Why does India not use blockchain technology

Blockchain ... explained in less than 100 words

Surely it is more complicated?

Yes - but not so much as a pure concept. Rather, it becomes more complex in the implementation and when it comes to creating value from the implementation. The above example will of course seem overly simplistic to some - but can serve as a starting point for others.

Act in a traditional setting trusted third party as intermediaries for financial transactions. If you want to send money overseas, you will do so through an intermediary (usually a bank). The transfer is then usually not made immediately (but takes up to 3 days) and the intermediary charges a commission in the form of a foreign exchange conversion fee or other fees.

The original Blockchain is an open source technology used for cryptocurrency transfers Bitcoin offers an alternative to the traditional intermediary. The intermediary is through the collective verification of the ecosystem which offers an extremely high degree of traceability, security and speed.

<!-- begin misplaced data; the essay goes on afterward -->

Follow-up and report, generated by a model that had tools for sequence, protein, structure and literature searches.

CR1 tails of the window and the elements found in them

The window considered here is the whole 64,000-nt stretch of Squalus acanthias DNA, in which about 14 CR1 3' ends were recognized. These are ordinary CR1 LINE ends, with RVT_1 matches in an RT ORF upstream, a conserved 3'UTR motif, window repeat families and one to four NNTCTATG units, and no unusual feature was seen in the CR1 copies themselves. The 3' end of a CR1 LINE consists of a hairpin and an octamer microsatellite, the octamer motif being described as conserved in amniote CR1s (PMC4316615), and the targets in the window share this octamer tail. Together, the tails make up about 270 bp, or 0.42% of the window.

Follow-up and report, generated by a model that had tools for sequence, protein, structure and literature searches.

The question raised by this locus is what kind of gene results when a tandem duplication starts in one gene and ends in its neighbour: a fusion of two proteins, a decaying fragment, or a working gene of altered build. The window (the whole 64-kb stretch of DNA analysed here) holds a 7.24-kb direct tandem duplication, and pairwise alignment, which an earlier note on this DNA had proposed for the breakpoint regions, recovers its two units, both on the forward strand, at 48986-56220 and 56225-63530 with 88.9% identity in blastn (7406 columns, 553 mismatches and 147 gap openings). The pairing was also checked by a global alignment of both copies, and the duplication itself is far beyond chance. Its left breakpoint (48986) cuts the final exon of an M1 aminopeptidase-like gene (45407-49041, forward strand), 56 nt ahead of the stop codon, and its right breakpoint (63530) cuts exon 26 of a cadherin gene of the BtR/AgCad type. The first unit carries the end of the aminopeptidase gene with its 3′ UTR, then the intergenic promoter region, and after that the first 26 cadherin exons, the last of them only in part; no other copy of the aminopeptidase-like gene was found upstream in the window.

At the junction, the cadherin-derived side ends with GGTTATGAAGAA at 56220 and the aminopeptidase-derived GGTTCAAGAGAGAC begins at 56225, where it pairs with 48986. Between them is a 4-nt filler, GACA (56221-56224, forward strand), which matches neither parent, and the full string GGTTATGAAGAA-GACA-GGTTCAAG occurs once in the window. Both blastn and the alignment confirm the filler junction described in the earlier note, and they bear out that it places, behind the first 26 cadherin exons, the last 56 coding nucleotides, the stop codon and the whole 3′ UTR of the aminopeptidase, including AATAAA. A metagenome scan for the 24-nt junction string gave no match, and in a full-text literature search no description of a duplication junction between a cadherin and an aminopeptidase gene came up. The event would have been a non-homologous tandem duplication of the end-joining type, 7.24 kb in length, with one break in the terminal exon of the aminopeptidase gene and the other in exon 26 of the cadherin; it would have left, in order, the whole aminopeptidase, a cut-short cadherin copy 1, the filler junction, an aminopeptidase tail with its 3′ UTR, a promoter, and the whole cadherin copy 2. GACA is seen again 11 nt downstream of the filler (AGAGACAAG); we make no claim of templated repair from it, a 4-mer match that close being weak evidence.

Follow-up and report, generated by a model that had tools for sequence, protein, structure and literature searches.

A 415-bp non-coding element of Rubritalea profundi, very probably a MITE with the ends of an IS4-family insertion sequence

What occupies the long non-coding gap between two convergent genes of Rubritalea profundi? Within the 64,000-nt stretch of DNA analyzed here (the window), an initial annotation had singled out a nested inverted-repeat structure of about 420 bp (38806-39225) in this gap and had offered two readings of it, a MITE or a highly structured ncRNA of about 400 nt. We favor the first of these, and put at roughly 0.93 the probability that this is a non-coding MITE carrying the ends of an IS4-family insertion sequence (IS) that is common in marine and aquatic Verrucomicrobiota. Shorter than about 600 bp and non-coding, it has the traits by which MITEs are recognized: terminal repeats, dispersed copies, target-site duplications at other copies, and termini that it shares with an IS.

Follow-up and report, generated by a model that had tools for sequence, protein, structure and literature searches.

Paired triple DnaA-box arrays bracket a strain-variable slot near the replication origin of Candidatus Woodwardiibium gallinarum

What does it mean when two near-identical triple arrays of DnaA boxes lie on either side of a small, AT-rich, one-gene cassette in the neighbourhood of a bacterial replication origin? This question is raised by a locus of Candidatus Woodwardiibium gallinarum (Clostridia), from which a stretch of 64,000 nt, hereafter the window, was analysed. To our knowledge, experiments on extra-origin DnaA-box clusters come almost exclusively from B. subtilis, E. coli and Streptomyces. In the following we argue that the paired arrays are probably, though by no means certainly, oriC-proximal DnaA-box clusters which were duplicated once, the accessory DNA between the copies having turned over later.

In the example above (a "public blockchain") there are multiple versions of them as" nodes "in a network, acting both as executors of transactions and as miners at the same time. The transactions are collected as blocks before they are added to the block chain (the literal meaning of" block chain "). The miners receive Bitcoin compensation based on the computation time it takes to a) determine whether the transaction is valid, and b) find out which is the correct mathematical key to use the block of transactions the correct position in the open ledger. The more transactions are carried out, the more Bitcoins flow into the virtual money supply. The "compensation" that the miners receive is reduced every four years until Bitcoin production finally stops (although According to estimates, this will not be before 2140!) Although the original blockchain was supposed to be used to manage Bitcoin, of course ch other virtual currencies, such as ether, can be used.